Subsequent public keys can be appended to this file, much like the ~/.ssh/known_hosts file. This means that if you wanted to add another public key for your account on this server, you would copy the contents of the second id_rsa.pub file into a new line on the existing authorized_keys2 file.
RELATED: What Is a PEM File and How Do You Use It?
Isn’t this less secure than a password?
In a practical sense, not really. The private key that’s generated is stored on the computer you’re using, and it is never transferred, not even to be verified. This private key ONLY matches with that ONE public key, and the connection needs to be started from the computer that has the private key. RSA is pretty secure and uses a 2048 bit-length by default.
It’s actually pretty similar in theory to using your password. If someone has knows your password, your security goes out of the window. If someone has your private key file, then security is lost to any computer that has the matching pubic key, but they need access to your computer to get it.
Can this be more secure?
You can combine a password with key files. Follow the steps above, but enter a strong passphrase. Now, when you connect over SSH or use SCP, you’ll need the proper private key file as well as the proper passphrase.
Once you enter your passphrase once, you won’t be asked again for it until you close your session. That means that the first time you SSH/SCP, you’ll need to enter your password, but all subsequent actions won’t require it. Once you log out of your computer (not the remote one) or close your terminal window, then you’ll have to enter it again. In this way, you’re not really sacrificing security, but you’re also not harassed for passwords all the time.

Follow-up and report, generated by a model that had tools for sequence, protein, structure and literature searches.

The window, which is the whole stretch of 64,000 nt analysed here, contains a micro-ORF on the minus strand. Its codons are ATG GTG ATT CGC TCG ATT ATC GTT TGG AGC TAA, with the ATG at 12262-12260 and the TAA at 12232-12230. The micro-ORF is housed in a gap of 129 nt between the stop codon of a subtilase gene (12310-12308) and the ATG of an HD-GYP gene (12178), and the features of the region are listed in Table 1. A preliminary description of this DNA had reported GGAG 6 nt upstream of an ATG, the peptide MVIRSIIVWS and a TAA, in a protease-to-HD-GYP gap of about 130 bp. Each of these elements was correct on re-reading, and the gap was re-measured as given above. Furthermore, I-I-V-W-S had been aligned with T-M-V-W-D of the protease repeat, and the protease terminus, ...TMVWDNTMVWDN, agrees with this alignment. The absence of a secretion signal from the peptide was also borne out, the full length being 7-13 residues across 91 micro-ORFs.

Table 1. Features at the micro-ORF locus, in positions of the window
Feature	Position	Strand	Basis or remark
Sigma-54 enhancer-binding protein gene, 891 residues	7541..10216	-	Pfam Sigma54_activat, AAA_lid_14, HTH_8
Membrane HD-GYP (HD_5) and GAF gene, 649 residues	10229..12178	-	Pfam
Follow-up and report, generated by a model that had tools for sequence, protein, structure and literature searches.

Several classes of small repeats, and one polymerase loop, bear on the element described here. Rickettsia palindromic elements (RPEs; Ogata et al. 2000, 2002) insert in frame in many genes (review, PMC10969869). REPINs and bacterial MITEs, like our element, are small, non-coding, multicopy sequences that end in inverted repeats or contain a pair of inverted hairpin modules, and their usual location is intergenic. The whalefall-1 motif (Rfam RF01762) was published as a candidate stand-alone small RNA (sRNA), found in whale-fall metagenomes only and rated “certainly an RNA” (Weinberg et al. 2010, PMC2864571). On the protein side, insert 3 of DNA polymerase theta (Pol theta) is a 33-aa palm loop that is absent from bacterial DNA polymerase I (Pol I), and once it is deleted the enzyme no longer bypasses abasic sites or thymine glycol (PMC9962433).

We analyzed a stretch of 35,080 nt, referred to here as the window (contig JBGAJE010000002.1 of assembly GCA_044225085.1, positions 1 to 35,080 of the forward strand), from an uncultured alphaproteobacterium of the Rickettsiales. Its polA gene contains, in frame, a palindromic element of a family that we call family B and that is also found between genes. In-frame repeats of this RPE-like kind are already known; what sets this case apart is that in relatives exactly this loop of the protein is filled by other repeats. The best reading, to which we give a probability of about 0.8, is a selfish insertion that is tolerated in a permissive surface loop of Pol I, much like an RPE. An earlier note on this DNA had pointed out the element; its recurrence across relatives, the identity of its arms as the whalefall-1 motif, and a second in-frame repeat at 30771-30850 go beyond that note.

Can I reuse the public/private key pair?
This is a really bad idea. If someone finds your password, and you use the same password for all of your accounts, then they now have access to all of those accounts. Similarly, your private key file is also super-secret and important. (For more information, take a look at How To Recover After Your Email Password Is Compromised)
It’s best to create new key pairs for every computer and account you want to link. That way, if one of your private keys get caught somehow, then you’ll only compromise one account on one remote computer.
It’s also really important to note that all of your private keys are stored in the same place: in ~/.ssh/ on your computer, you can use TrueCrypt to create a secure, encrypted container, then create symlinks in your ~/.ssh/ directory. Depending on what I’m doing, I use this super-paranoid super-secure method to put my mind at ease.
Have you used SCP in any scripts? Do you use key files instead of passwords? Share your own expertise with other readers in the comments!
- › The Beginner’s Guide to Shell Scripting 2: For Loops
- › How To Change Your iOS SMS Sounds and Shuffle Your Ringtones
- › 5 Cool Things You Can Do With an SSH Server
- › Use Your SSH Config File to Create Aliases for Hosts
- › How To SSH Hop With Key Forwarding from Windows
- › Learn the Ins and Out of OpenSSH on Your Linux PC
- › How to Configure Your Raspberry Pi for Remote Shell, Desktop, and File Transfer
- › Windows 11 Has New CPU and RAM Monitoring Widgets